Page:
Great! So using the knowledge above I’ve created two tables, using a hash distribution and the data that I’m hashing by is the same value in each table. Let’s run an estimated execution plan to see how the joins work!

Shuffle 100%?

Oh dear. Shuffle. On the surface, shuffle is not necessarily a bad thing and may even be expected, but not in this scenario. So what is shuffle and why can it be bad?

Shuffle occurs when a part of a distributed table is moved to a different node during query execution. To do this a hash value is computed using the join columns, the node is then found that has that hash value and the row is then sent to that node for processing. If the tables you’re joining on have different hash distributions, you’d expect this to happen, (hence why it’s not always a bad thing!), but in this case I’ve used the same value to hash both of my tables, so what’s gone wrong?

Two words: Data Types

In my query below I have created two variables of the same data type (varchar(50)), given them the same text value, (Test Hash Text), and then run the hashing function of SHA2_256 over them to see the results. Running this query against your database will provide you with the same result every time when using the same hashing function.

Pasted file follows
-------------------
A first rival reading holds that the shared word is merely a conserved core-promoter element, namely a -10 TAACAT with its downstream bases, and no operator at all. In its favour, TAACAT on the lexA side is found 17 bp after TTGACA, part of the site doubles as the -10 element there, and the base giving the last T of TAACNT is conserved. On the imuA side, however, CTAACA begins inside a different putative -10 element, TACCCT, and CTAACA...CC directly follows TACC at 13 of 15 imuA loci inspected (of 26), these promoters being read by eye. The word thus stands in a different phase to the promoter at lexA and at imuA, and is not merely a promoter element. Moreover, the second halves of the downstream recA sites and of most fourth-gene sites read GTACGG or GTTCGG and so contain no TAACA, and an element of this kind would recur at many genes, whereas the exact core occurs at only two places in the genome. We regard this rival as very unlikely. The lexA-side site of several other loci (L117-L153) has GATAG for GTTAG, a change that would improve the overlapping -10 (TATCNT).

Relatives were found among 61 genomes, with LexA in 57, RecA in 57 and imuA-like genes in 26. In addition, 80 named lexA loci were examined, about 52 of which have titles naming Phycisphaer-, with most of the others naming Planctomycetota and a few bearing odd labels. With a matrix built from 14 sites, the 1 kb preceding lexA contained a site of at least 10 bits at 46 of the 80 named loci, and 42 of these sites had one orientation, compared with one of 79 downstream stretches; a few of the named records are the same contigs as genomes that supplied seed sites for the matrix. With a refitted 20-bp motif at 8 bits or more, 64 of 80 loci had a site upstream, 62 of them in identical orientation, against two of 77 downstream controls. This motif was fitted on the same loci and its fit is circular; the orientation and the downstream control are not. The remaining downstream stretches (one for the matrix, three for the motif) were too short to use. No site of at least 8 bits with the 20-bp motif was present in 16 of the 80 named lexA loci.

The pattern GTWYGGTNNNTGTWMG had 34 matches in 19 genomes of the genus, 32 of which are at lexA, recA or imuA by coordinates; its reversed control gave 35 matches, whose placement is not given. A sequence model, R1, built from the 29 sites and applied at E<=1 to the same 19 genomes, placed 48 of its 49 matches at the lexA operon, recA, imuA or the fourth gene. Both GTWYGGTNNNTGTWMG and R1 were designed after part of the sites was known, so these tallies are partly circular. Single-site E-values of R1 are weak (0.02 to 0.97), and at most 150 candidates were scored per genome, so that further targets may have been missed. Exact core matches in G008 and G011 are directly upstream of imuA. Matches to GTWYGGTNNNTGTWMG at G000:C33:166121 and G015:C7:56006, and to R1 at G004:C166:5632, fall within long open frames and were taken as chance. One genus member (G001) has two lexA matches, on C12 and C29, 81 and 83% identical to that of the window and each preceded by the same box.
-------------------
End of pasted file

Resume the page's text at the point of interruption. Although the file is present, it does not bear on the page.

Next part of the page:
declare @varchar1 varchar(50), @varchar2 varchar(50)
set @varchar1 = ‘Test Hash Text’
set @varchar2 = ‘Test Hash Text’

select @varchar1 as [Value], hashbytes(‘SHA2_256’,@varchar1) as [Hash]
union all
select @varchar2 as [Value], hashbytes(‘SHA2_256’,@varchar2) as [Hash]

As you can see here, the resulting Hash is the same for both text values.

Matching Hash = Good

But what if I change the data type? Here I’ve added a third variable with a nvarchar(50) data type instead, but with the same text value.

declare @varchar1 varchar(50), @varchar2 varchar(50), @nvarchar nvarchar(50)
set @varchar1 = ‘Test Hash Text’
set @varchar2 = ‘Test Hash Text’
set @nvarchar = ‘Test Hash Text’

select @varchar1 as [Value], hashbytes(‘SHA2_256’,@varchar1) as [Hash]